Slowly, local government in the UK has been moving towards 'accountability' and 'consultation'. Arguably, it is all a sham and a waste of paper. E-government is also full of promises, most of them probably false.

This letter is from the Sidmouth Herald of 30 January 1999.


So much for genuine accountability!

SIR - For how much longer must we finance the stream of supposedly 'consultative' glossy leaflets and booklets produced by East Devon District Council and Devon County Council? The function of government at any level is to govern. This requires that those in power have both ability and knowledge.

I have just read a glossy booklet entitled "Crime and Disorder in East Devon". Lavishly produced by EDDC with help from the police and DCC it purports "to aim to engage all members of the East Devon community" in "developing a three year Crime Reduction and Disorder Strategy". It is yet another public consultation exercise!

We need to be on our guard. There is large type and pretty pictures, as if few words on a page and multicoloured artwork can help to disguise lack of content and competence. Count the buzz words: "impacts on community safety, an ongoing process for the foreseeable future (read: jobs for the boys and girls), consultation, audit", and the inevitable and all-telling lie: "the strategy is as much yours as the authorities".

Has there ever been a time when cynicism and distrust towards MPs and other 'leaders' has been accompanied by so many false accolades to accountability? We pay for all this psycho-babble telling us how much our views are earnestly sought and truly genuinely valued. We have Ombudsmen, Citizens Charters and Charter Marks, and yet pretence, insincerity and weasel words have spread to engulf every tier of government.

Allow me therefore to examine from a detached scientific standpoint, the reality of questioning EDDC and some of their elementary mistakes in data analysis. Faced with someone who knows what is talking about, they clam up so tight it is impossible to extract more than a postcard in reply to a 20 point letter. Yet this is entirely in line with performance standards! EDDC recently took out full page adverts in local papers conveniently just before Christmas when no-one might read it.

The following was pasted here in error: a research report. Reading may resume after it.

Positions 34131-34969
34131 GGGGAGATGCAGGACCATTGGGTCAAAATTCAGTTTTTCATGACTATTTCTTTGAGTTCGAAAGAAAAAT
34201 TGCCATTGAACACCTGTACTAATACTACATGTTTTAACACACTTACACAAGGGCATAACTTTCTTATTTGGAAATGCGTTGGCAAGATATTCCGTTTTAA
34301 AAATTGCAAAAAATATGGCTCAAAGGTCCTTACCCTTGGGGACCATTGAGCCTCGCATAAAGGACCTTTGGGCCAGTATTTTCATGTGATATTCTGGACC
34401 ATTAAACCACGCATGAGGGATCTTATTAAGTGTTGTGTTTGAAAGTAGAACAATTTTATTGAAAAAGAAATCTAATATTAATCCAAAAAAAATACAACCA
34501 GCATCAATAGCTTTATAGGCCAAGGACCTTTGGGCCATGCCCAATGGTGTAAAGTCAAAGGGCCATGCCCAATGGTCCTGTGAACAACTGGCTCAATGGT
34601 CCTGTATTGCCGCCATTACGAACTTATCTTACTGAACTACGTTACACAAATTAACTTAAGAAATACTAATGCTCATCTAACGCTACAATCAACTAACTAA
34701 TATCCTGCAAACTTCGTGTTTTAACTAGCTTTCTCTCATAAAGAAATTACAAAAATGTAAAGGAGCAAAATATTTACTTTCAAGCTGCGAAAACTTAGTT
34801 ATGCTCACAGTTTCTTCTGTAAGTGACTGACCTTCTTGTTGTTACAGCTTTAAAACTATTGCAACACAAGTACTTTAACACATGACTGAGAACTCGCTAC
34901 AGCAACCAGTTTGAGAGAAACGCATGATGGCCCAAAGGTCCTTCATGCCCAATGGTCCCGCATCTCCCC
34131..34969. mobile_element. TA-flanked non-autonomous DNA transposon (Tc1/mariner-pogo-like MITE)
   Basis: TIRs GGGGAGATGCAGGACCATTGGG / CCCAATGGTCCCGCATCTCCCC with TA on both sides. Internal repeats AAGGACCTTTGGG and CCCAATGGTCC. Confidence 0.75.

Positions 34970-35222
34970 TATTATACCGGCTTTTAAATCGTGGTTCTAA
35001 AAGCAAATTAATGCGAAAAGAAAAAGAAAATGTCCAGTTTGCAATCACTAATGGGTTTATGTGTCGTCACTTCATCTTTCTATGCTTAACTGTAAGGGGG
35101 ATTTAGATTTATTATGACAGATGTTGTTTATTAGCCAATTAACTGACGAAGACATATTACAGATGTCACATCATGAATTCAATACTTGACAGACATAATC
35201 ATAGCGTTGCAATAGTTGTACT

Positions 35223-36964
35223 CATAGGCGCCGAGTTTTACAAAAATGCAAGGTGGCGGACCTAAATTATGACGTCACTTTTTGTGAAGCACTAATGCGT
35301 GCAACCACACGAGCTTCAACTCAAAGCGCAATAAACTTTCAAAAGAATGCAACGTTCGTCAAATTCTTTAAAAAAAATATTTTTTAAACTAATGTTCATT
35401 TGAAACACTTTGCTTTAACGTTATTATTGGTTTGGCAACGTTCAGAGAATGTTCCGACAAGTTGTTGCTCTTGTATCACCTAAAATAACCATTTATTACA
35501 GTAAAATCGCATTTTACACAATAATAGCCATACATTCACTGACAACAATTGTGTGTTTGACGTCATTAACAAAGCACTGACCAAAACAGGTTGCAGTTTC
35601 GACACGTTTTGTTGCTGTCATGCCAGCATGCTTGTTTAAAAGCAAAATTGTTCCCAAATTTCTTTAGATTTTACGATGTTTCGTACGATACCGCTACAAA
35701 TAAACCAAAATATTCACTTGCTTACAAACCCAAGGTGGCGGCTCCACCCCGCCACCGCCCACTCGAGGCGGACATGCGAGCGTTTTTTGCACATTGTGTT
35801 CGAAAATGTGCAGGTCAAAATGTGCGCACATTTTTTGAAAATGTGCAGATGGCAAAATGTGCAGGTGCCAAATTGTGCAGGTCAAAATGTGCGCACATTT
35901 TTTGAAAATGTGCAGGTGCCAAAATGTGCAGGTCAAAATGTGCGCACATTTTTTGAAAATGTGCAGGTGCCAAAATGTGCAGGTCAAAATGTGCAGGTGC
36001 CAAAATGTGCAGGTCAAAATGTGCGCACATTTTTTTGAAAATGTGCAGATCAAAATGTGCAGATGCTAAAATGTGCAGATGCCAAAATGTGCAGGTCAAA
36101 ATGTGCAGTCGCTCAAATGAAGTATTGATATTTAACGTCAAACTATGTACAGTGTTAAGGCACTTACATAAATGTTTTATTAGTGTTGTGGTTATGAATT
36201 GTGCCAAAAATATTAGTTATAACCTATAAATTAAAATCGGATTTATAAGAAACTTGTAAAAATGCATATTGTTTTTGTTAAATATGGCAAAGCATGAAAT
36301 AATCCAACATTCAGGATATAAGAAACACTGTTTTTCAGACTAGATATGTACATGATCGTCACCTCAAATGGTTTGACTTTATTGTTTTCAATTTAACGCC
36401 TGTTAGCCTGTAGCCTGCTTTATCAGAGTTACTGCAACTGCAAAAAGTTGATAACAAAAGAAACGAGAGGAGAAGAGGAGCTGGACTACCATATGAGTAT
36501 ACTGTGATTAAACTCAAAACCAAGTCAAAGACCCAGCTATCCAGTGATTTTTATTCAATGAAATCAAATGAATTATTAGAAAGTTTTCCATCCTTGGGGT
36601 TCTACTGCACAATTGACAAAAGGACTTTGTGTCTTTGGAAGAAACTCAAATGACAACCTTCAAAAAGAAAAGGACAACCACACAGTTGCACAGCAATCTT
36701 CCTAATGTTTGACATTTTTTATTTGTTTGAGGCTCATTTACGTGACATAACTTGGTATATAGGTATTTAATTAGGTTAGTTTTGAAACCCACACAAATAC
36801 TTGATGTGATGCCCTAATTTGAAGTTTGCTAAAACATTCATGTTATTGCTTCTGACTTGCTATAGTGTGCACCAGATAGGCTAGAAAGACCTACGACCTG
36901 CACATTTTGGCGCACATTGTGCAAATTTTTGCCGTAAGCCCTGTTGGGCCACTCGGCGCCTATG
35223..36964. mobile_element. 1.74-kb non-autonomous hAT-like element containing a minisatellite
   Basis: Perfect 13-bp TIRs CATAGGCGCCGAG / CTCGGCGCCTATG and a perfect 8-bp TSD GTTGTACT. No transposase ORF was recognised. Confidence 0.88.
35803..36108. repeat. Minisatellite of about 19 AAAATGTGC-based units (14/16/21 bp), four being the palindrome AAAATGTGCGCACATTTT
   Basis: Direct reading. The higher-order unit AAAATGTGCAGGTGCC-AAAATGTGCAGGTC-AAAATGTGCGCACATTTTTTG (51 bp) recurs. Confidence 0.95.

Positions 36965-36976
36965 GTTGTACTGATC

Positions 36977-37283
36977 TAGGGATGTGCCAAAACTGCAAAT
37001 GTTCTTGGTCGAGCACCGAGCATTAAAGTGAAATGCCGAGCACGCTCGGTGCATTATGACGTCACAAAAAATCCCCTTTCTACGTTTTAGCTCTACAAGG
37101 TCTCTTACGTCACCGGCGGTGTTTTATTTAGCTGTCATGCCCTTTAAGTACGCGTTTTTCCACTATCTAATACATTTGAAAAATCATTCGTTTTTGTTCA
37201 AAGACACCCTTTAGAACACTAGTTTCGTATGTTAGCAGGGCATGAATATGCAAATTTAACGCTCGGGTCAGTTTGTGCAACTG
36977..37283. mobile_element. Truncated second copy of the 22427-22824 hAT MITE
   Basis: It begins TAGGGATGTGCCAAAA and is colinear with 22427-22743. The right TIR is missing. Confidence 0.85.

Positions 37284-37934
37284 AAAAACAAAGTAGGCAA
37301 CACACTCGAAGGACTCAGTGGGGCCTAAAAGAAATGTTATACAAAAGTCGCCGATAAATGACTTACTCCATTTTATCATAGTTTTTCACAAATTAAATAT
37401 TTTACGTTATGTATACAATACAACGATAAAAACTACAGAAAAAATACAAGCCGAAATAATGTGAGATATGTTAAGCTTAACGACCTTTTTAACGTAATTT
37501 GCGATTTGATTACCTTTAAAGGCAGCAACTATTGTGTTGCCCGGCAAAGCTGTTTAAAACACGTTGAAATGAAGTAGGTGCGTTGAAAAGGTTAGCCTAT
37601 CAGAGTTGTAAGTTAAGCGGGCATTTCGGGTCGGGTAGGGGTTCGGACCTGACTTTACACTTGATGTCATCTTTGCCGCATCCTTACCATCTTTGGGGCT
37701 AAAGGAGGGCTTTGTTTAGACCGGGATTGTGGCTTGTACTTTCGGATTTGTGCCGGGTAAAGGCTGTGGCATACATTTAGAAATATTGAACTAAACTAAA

Under the headline "but how did we perform for you?" they give a range of statistics including that their target for answering letters is five days or an acknowledgement card to be sent within three days. In reality therefore, any letter that may not stretch their abilities too far may get answered within 5 days. Any that are in the least demanding may never be answered! I delivered one on 22 Oct. A postcard from EDDC dated 27 Oct promised "a detailed reply will follow shortly". Many reminders later I am still waiting and the Ombudsman's Office tell me there is little they can do because EDDC can set whatever 'performance targets' they like. So much for genuine accountability!

The Crime and Disorder booklet seeks comments by February 1, now extended to February 7. It runs to 20 glossy full colour pages. The information content is virtually zero and because the document has a useful life of two weeks, expensive paper and artwork are unwarranted.

Page 3 is a map and of no value in any of the arguments. Page 4 contains the only digested statistics in the whole document. It is claimed that East Devon is one of the safest places to live in the country. So it should be, it has one of the highest proportions of respectable retired people. Claiming credit for a low crime rate here would be akin to claiming credit for the sea washing on the shore. Only CHANGES in crime rate are significant, as are comparisons between different areas on a 'per head' or 'per household' basis.

Page 4 also contains a simple guide to the costs of crime. The statistics are so incomplete as to be almost meaningless - but consider that East Devon has the second highest cost of burglary per head of all the listed areas. Assessment on a per dwelling basis might have been more sensible, to remove bias owing to different areas having different ratios of home occupancy. But it is in reading all the subsequent pages that we must contain our laughter. The real gems are pages 7 to 18.

Instead of following Home Office guidelines to present data normalised to 100 or 1000 population (car theft per 1000 population etc) the data is all presented as simple numbers of incidents. I asked the police for a copy of the guidelines. "Only available on the Internet, Sir". I protested that the majority of residents would not find this useful. They did confirm the printed guidance ran to hundreds of pages. Guess who pays for this, and for so-called research officers at EDDC. Why is data only provided on the small number of new houses to be built in each area, and none on the existing numbers? The words "Key problems are vandalism, theft from vehicles and antisocial behaviour" are repeated 17 times within 10 pages.

This is known as padding. Comments given on each town and area are drawn at random and could be swapped around with no loss of accuracy: their information content for comparative purposes is therefore zero.

I could continue in this vein but why bother? Councils will continue to produce glossy rubbish and refuse to answer legitimate questions until they are brought properly under control. The obvious problems of policing East Devon could be written down on one side of a piece of paper.

It is the central bureaucracy that still requires attention, including that police officers should be doing a proper job of policing and scientists (even awkward ones) should be employed on an ad-hoc basis to produce competent analysis when and if it is required to support strategy development.

DR STEPHEN J WOZNIAK


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